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THE PITFALLS OF WORKING WITH CHILDREN: SEVEN ANNOYING BEHAVIOR TYPES

Updated on November 13, 2008

Children's bad behavior types that one should watch out for

This is not intended to be a ranting diatribe against working with children, or against children in general.

Whether it is as a sports coach, an after school leader, a tutor, a summer camp counselor or as a school teacher, the "Kid Business", as I like to call it, is among the most rewarding and fulfilling professions a person can be involved in.

Watching a youngster's face light up with joy after acing a test, or giving you a high five after getting that game-winning hit (or even hitting the ball for the first time), is indeed something that makes it all worthwhile; serving as the reason why one chooses working with kids as a profession.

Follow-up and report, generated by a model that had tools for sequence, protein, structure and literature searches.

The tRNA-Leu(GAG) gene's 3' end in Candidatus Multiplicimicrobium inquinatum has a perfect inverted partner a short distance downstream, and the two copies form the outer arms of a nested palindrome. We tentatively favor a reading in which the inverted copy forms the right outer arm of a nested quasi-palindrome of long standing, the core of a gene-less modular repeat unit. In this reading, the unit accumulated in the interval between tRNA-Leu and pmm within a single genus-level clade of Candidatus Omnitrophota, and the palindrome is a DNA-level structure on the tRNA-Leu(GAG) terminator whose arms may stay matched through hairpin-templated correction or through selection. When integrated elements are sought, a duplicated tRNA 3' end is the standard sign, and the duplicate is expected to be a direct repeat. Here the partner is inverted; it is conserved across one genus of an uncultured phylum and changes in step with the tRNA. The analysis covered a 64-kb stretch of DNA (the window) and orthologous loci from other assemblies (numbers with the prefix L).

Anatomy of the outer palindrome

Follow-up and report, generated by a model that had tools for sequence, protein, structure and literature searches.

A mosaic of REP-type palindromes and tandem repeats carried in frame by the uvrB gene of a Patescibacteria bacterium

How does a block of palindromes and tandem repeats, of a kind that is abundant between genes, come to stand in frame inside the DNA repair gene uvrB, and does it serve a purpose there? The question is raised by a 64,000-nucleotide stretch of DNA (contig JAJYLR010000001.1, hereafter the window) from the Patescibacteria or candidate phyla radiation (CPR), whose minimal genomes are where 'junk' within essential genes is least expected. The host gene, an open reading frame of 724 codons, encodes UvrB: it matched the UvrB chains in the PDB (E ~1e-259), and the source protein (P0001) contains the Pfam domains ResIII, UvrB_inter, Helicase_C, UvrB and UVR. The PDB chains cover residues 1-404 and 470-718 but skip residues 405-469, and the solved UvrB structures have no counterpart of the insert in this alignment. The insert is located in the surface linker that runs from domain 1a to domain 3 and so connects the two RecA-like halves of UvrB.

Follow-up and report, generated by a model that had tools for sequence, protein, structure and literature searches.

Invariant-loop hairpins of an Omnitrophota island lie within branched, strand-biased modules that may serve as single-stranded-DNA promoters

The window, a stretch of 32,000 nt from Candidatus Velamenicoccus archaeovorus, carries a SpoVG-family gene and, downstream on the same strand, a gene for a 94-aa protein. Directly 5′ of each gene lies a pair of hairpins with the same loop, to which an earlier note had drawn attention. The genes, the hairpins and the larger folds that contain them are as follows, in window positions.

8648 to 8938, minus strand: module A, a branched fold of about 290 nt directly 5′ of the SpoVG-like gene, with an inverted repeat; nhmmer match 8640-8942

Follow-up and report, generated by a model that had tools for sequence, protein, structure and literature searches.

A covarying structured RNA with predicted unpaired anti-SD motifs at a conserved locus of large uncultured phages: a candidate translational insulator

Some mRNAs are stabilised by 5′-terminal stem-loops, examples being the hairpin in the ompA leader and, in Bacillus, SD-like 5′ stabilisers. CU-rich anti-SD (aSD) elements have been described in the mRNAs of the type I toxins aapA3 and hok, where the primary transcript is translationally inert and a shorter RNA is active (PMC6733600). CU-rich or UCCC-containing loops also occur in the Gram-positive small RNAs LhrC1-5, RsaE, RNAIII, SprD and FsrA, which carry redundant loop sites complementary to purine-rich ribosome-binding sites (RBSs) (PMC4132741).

I know this is so because for over fifteen years, I was in the kid business. I taught physical education for nearly ten years, coached various sports at the youth level for almost 20, and also served as a tutor, an instructional aide, and an after school teacher.

While my experiences in this profession were satisfying in many ways, there were also plenty of experiences and pitfalls I have had that were not so nice; specifically pertaining to the negative behavior types that children at times display at school or on the playground.

These are the behavior types that annoy teachers, coaches, camp counselors, and recreation leaders to no end, oftentimes driving them away from the education, sports, and parks & recreation fields. These annoying types have often led one to get so fed up with the youngsters he or she is teaching, coaching, or supervising that disillusion sets in and the profession is abandoned.

I have personal firsthand knowledge of this, because it was the kids with these annoying behavior types that ultimately drove me out of the "Kid Business".